2. Start saving money. It is imperative that you begin saving after being discharged from your bankruptcy. Life happens and building an emergency fund will help you find the financial freedom you will need if an unexpected event occurs. The best practice is to start small. Many financial experts will advise you to have enough money to cover approximately 6 months of expenses, but to get started, begin with what you can and strive to get your savings built up to between $500-$1000 to start. Eventually you will want to make a large purchase again in the future such as buying a house or a car. Having enough money saved for a large down payment will make it easier to obtain approval for your loan as well as lower interest rates.
  3. Pay your bills on time. If you are in the habit of paying your bills late and incurring late fees, now is the time to make a change. Building your credit extends into your monthly bills.   The phone company and the power company are both creditors, so paying on time is very important.
  4. Open a new checking and savings account. If you do not already have one, open a new account at a local bank or credit union. Compare interest rates, fees and services at each bank you are considering.
  5. Open a line of credit. If you already have a checking or savings account with a banking institution, ask if you can open a line of credit using a savings account to secure the loan and be sure to keep enough money in the account to secure the payments back to the bank.
  6. Avoid finance companies. Beware of companies offering to “fix” your credit after bankruptcy. Finance companies exist to make money. Avoid debt consolidation offers and focus on maintaining your budget, increasing your savings and building your credit limit with your secured credit card over time. Re-establishing your credit is hard, but it’s something that can be done yourself and for free.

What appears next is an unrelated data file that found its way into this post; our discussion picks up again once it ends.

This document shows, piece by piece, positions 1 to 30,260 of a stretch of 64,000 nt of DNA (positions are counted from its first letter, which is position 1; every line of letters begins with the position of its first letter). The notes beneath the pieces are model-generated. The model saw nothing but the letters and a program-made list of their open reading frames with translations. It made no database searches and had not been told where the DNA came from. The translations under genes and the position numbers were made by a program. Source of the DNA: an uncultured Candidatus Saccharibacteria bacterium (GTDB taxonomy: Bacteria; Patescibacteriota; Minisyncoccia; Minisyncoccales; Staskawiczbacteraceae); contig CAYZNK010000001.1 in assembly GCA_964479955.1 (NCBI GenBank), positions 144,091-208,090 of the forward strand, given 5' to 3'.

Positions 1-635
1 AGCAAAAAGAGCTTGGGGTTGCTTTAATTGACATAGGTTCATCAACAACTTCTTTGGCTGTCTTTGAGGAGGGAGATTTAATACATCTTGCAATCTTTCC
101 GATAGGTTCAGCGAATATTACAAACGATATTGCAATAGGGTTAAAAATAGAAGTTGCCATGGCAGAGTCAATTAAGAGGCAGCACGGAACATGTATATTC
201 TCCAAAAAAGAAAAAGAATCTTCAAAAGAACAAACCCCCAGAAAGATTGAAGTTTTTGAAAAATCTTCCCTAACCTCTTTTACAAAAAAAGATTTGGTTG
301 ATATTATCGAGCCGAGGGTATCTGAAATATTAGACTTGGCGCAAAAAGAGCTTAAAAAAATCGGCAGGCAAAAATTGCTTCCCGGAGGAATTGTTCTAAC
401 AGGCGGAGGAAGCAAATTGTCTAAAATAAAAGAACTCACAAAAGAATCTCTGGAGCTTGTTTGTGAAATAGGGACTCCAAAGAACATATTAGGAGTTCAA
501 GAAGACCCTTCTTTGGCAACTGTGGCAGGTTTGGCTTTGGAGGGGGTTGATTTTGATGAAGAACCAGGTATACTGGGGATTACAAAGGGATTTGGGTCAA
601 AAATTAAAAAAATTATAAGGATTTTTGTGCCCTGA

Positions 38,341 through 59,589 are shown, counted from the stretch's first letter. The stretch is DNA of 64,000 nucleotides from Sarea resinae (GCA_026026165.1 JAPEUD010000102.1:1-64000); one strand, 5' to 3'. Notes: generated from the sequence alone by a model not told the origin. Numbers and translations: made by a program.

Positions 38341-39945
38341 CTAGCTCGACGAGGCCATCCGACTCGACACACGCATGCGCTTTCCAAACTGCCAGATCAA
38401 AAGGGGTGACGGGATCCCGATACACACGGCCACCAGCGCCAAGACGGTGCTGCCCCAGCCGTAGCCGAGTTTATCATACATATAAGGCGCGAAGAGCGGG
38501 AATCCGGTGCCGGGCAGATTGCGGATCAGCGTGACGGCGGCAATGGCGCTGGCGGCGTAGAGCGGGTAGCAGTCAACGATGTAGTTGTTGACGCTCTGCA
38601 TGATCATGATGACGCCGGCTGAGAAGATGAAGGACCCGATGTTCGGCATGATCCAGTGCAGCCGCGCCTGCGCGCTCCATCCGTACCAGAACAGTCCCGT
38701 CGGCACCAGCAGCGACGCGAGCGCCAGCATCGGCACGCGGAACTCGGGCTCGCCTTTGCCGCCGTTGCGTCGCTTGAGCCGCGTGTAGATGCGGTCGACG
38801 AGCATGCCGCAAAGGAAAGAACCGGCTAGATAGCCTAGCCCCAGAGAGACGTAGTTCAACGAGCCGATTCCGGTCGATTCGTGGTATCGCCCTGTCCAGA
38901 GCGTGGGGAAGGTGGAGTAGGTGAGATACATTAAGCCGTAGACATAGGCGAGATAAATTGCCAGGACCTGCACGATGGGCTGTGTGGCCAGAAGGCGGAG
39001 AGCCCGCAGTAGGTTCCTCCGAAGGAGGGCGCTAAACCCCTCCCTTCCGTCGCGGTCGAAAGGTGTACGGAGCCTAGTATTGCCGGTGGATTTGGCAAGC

While the task of rebuilding your credit score can be daunting, it is completely doable. With the right attitude and persistence, you will be able to create the financial freedom you have always wanted.

Who can help me with my bankrupcty?

The attorneys at Hall & Navarro are passionate about law. We serve Effingham County, Bulloch County and surrounding areas. The law offices are located in Springfield, Georgia and in Statesboro, Georgia. The attorneys at Hall & Navarro provide focused and experienced representation from your initial consultation until the resolution of your legal matter. We offer a broad range of legal services and are dedicated to serving individuals and businesses.

Please consult an attorney for advice about your individual situation. This site and its information is not official legal advice, nor is it intended to be. Feel free to get in touch by e-mail, letters or phone calls. Contacting us does not create an attorney-client relationship. Until an attorney-client relationship is established, please withhold from sending any confidential information to us.